In my 12 years of association with this group, I found myself shuttling between full-time (about four years of intermittent ministry) and part-time preaching. In 2005, I resigned from a permanent government position being desirous of ending my protracted struggle over whether I was truly meant for full-time preaching or not. Shortly thereafter, my growing questions about some inconsistencies in the teachings and practices of the Church of Christ and my realization that I was not really meant for a sometimes money and numbers-driven evangelistic project led me to leave the ministry. Following a six-month ESL teaching in China, I was forced to return to the Philippines. A few months later, I tried to reconnect with the local Church of Christ in Baguio where I again eventually taught and preached in a voluntary capacity while earning my keep as an ESL teacher elsewhere.
In February of this year, I gave up my teaching post and preaching schedules at the college and the local congregation to yield to the wishes of a few self-styled "guardians of orthodoxy." They had been agitating for my "disfellowship" due to what they perceived as my "dangerous" and "liberal" convictions and teachings (more on this in the next few articles). At the same time, I also posted my goodbye letter to a global online discussion group largely composed of PBC alumni.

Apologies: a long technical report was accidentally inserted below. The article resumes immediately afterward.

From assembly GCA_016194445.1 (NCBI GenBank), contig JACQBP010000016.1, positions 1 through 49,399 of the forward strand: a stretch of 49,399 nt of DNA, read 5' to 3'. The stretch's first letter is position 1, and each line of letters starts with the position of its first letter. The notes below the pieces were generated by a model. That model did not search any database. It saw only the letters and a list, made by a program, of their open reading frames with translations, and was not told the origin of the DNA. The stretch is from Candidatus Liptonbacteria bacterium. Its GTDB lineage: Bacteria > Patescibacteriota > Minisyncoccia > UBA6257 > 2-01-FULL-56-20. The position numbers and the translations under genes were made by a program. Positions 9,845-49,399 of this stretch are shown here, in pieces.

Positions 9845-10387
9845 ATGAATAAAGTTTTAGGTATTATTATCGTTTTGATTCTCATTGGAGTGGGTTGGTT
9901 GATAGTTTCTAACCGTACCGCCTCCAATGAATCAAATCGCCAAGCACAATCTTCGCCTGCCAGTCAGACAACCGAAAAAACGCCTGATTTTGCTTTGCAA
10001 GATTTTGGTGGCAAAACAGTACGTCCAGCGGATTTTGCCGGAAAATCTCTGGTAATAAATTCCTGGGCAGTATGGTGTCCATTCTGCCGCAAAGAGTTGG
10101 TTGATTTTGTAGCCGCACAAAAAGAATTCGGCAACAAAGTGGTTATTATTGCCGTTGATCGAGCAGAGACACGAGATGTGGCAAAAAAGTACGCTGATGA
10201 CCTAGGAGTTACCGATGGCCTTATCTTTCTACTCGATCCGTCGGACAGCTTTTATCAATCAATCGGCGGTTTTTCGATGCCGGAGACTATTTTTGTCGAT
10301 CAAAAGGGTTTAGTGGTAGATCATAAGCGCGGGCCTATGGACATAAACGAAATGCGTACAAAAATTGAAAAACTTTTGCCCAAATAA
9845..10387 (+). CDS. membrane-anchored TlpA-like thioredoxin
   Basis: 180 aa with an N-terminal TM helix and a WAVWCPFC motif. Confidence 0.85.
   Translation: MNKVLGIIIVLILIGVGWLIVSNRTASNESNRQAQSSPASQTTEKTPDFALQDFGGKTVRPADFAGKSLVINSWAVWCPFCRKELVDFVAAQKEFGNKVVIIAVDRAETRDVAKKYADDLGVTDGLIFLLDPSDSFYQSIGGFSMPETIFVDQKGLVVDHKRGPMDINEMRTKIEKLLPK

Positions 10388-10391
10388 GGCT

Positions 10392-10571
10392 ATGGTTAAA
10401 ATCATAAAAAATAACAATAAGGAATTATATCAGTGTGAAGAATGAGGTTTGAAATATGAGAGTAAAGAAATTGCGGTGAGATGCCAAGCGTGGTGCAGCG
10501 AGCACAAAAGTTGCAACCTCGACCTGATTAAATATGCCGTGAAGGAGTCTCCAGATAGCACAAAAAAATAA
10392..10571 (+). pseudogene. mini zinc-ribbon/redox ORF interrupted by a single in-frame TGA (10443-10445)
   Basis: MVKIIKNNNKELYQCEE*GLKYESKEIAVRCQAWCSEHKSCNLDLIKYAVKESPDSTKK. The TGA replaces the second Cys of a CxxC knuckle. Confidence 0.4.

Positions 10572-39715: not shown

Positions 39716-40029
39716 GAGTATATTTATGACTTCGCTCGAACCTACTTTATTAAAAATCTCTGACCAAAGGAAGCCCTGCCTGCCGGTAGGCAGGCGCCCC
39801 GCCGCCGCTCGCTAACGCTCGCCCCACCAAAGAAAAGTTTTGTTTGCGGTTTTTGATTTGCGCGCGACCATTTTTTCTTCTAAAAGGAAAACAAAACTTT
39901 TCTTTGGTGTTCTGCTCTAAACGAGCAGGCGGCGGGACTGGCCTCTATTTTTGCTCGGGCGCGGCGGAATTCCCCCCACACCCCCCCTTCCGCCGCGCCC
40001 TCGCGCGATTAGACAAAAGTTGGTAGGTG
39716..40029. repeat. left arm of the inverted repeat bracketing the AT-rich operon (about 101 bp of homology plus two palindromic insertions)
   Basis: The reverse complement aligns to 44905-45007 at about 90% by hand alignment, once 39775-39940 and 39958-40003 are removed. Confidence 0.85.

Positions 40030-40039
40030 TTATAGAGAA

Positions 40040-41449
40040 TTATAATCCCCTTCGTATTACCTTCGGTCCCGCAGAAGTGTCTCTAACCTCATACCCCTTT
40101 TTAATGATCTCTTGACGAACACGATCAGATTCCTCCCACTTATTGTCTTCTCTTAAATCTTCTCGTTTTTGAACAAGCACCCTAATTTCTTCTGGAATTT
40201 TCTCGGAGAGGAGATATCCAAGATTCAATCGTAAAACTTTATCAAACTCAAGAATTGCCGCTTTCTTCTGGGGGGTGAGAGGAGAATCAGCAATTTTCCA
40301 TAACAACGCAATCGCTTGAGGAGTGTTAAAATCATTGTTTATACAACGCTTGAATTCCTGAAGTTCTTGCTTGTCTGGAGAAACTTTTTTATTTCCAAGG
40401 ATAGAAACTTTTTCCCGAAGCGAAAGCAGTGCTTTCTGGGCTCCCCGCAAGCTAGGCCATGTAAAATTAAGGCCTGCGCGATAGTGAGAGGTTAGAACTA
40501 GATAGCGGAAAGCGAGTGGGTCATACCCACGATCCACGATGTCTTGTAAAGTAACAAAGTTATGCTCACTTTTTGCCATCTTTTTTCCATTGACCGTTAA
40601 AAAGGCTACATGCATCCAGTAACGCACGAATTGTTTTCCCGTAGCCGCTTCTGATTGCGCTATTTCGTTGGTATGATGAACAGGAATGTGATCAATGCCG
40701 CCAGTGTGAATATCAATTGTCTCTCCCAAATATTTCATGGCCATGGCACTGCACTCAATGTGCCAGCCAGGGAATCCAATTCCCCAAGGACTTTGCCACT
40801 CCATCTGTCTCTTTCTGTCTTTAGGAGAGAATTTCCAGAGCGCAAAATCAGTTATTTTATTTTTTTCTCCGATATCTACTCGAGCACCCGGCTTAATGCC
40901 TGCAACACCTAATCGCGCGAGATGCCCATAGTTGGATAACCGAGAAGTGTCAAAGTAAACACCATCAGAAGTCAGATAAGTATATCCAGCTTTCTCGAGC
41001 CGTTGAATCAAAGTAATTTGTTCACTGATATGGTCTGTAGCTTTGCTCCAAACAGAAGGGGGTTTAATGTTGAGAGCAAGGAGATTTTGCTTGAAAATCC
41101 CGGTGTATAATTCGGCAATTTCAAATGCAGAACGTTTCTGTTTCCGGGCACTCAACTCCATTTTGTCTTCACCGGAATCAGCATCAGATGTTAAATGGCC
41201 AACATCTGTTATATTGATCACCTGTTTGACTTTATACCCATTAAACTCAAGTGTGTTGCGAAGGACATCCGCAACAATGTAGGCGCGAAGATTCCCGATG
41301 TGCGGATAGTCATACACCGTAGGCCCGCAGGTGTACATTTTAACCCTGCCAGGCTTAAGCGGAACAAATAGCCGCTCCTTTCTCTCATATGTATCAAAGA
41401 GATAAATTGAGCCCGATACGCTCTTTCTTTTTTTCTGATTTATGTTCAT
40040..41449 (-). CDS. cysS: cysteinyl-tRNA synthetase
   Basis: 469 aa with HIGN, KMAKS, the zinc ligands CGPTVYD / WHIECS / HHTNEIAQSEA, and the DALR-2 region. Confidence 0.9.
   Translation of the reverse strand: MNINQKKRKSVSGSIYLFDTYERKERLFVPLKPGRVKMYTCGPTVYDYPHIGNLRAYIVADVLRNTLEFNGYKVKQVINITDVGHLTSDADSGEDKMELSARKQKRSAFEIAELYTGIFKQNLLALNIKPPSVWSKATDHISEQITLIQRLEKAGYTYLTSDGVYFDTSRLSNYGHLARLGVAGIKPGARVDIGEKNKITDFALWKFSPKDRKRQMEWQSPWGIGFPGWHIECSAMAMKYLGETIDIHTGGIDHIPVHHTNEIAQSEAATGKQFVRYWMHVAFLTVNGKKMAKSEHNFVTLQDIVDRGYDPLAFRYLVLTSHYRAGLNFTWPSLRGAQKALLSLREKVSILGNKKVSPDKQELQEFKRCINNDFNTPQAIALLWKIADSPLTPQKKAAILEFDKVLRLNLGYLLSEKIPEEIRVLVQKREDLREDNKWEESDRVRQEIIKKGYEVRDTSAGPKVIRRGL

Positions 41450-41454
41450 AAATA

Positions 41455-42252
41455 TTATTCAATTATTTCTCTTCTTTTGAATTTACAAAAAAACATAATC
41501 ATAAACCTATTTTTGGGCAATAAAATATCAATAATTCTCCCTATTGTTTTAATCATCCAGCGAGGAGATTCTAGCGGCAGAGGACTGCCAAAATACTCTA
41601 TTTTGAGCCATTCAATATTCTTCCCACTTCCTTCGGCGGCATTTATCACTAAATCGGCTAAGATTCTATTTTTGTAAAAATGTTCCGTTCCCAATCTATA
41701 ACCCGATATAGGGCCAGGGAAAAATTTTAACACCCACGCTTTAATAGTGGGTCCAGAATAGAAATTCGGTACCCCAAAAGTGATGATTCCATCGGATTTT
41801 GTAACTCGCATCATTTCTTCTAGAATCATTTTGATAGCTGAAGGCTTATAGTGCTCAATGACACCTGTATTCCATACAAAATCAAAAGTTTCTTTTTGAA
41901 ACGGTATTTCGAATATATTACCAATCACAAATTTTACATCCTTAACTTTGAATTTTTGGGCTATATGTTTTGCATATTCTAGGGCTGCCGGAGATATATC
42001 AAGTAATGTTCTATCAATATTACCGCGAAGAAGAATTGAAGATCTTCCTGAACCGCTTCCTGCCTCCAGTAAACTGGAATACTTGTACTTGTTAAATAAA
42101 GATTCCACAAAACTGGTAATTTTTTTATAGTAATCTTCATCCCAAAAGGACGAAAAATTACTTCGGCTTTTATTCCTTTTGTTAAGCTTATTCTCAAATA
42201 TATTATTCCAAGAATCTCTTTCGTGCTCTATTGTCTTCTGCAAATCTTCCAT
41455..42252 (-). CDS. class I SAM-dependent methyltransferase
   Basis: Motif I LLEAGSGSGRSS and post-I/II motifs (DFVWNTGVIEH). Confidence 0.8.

Although I have distanciated myself from the CoC as an institution, I still maintain good relations with many of its members here and abroad. These fine Christians have steered clear of or forsaken a legalistic, sectarian mindset so characteristic of many in this fellowship. This is to say, of course, that the brand of sectarianism I am about to critique is not characteristic of all Churches of Christ in the Philippines or elsewhere. Also, my critique shall not be limited to sectarian CoCs; other groups will be implicated in this study.
Sectarianism can have many connotations and pervades every secular and religious ideology, as well noted by anthropologist-poet Robin Fox and Israeli philosopher Avishai Margalit in their respective essays on this topic.2 It does not only hug the hallowed walls of a church building or a temple -- it also struts the august halls of a legislature or judiciary, the polished rooms of academic institutions, the busy kitchens of fastfood restaurants, and the damp floors of public markets.
In this series, I employ the term following the definition given by Evangelical theologian Dr. Rex A. Koivisto: